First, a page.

August 30, 2012 by Sian Rowland
It’s not all daytime TV and coffee breaks in the freelance world. Here are my top ten reasons to stick with the day job.
Sadly freelancing doesn’t come with a pay packet at the end of the month. I’m really lucky at the moment to have the school based job (which finishes at Christmas) as it’s three days a week of definite income during term time. I add up my days and pop in my invoice every month. I set aside criminal amounts for tax and not so criminal amounts for National Insurance. Some months I’ve not earned anything and then some months it looks like I’ve not earned anything if an invoice hasn’t yet been paid. Make sure your finances are in working order before taking the plunge into the freelance world. A small buffer is helpful, thank you redundancy pay off.
2) Job security
Freelance work can be famine or feast. It’s tricky ensuring that there’s enough going on to keep you out of mischief. I used to think my local government job was secure. Mortgage advisers couldn’t throw money at me quick enough when they heard what I did for a living and I was inundated with credit card offers. I knew that if I took a holiday or was ill I’d be paid. I’ll soon be speaking to more experienced freelancers to see how they cope.
I’m a self-assessment virgin. I’ll be doing my first one this year. Perhaps one day I’ll be one of those grizzled professionals who shake their heads sadly at us newbies. ‘Oh you just wait,’ I’ll say, ‘you’ll soon see.’ I’ll look wistfully into the distance as other gnarled freelancers shake their heads in sympathy. I know it’ll be a shock when I realise just how much of my hard earned cash I’ll be sending off to the greedy nice tax people.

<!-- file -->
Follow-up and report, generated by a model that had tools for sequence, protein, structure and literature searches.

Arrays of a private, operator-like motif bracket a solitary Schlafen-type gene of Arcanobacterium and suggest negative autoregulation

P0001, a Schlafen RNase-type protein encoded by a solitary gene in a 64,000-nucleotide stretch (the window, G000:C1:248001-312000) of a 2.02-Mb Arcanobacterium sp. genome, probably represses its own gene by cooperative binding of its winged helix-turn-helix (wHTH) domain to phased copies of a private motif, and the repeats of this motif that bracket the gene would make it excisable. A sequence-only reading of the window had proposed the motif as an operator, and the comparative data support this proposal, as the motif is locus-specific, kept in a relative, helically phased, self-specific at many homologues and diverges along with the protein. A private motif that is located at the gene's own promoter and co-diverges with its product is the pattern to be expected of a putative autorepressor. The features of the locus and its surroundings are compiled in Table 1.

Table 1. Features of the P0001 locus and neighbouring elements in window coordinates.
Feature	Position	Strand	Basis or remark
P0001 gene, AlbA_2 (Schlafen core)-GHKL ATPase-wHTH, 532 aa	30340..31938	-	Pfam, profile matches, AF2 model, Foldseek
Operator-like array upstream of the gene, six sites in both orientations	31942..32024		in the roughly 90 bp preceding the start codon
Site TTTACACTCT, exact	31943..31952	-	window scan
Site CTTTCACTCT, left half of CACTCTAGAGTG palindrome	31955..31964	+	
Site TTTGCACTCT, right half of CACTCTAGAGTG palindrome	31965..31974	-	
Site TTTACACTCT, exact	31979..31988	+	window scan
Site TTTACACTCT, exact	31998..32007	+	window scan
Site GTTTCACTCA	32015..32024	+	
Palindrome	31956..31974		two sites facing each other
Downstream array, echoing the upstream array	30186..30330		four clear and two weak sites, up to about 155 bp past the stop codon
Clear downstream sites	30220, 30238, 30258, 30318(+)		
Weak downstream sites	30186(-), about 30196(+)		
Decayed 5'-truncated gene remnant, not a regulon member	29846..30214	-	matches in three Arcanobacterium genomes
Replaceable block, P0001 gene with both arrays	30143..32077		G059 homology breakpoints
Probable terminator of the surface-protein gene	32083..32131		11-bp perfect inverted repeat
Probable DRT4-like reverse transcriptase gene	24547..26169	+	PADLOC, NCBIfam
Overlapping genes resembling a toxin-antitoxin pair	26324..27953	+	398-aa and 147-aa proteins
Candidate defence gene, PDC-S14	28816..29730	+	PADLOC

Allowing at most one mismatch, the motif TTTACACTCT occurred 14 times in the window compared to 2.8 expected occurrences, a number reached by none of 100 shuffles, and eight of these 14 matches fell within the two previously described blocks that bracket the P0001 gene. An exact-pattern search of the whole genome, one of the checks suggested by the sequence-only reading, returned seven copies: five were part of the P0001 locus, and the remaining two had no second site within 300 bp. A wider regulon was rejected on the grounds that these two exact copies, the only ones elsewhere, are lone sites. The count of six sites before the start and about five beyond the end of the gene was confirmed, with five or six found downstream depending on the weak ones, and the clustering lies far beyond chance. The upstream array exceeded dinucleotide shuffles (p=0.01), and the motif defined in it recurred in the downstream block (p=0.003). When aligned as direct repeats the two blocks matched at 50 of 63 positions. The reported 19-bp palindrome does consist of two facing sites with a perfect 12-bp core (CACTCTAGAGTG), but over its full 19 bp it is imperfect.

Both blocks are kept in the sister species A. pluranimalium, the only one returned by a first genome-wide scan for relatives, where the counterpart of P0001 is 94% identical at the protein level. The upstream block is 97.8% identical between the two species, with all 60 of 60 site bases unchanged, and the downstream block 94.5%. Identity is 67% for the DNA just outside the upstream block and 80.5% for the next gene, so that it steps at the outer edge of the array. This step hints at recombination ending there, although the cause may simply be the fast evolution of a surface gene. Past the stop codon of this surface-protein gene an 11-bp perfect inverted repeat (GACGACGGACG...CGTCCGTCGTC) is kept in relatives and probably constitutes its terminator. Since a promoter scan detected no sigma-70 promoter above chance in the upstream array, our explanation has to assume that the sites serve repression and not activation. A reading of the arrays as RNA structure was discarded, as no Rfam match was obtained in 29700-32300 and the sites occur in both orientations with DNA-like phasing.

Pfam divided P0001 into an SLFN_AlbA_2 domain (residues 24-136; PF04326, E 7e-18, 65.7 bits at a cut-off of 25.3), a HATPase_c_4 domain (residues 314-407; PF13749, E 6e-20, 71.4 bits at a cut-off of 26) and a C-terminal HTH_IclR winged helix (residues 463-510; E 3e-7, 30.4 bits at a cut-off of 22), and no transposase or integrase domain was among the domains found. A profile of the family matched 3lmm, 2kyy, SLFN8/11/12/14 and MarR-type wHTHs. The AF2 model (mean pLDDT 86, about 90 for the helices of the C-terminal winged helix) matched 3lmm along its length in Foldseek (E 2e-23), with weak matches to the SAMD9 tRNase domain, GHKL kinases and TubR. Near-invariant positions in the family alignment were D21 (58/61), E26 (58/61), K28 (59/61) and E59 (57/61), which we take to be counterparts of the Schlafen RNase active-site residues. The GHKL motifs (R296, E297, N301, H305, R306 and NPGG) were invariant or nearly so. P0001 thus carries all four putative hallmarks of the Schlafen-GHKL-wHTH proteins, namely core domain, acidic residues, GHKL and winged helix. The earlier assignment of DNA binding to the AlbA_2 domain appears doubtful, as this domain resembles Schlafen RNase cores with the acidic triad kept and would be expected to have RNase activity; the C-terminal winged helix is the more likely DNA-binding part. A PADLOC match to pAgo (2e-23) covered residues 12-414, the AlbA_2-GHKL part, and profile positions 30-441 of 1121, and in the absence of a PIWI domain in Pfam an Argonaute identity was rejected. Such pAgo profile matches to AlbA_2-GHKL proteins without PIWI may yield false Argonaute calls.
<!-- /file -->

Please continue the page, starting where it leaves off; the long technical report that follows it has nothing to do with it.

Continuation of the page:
I miss my colleagues. We had a great time in the office where I used to work. We all worked really hard but managed to have fun too. We had a social secretary and one year decided to celebrate the world’s main festivals and went out for Chinese at Chinese New Year, a curry at Diwali etc. The office social life mostly revolved around food. I made a promise to myself to make sure I meet with friends, colleagues and clients for coffee on a regular basis so I don’t get lonely and of course I have a whole bunch of new school colleagues at the moment. I’ll blog about professional relationships as a freelancer soon.
5) Workin’ nine to five
I’m not quite sure why we describe jobs as nine to five any more- I don’t think I know anyone who works just those hours. I guess it stands for reliability and boundaries. In my previous job I had a certain amount of holiday and filled in a holiday request form. We also got a few TOIL days for time off in lieu. Now I’m self-employed I find myself working really strange hours. I am also learning how to manage my time better: I spent so many hours on one of my first projects I worked out that for the price I was paid I was earning about 50p an hour. Oops. I now keep a record of the hours I work on a project and ask for more time if needs be. Oh and you have to be really firm if you want to take a holiday. And there’s no pay packet waiting at the end of it.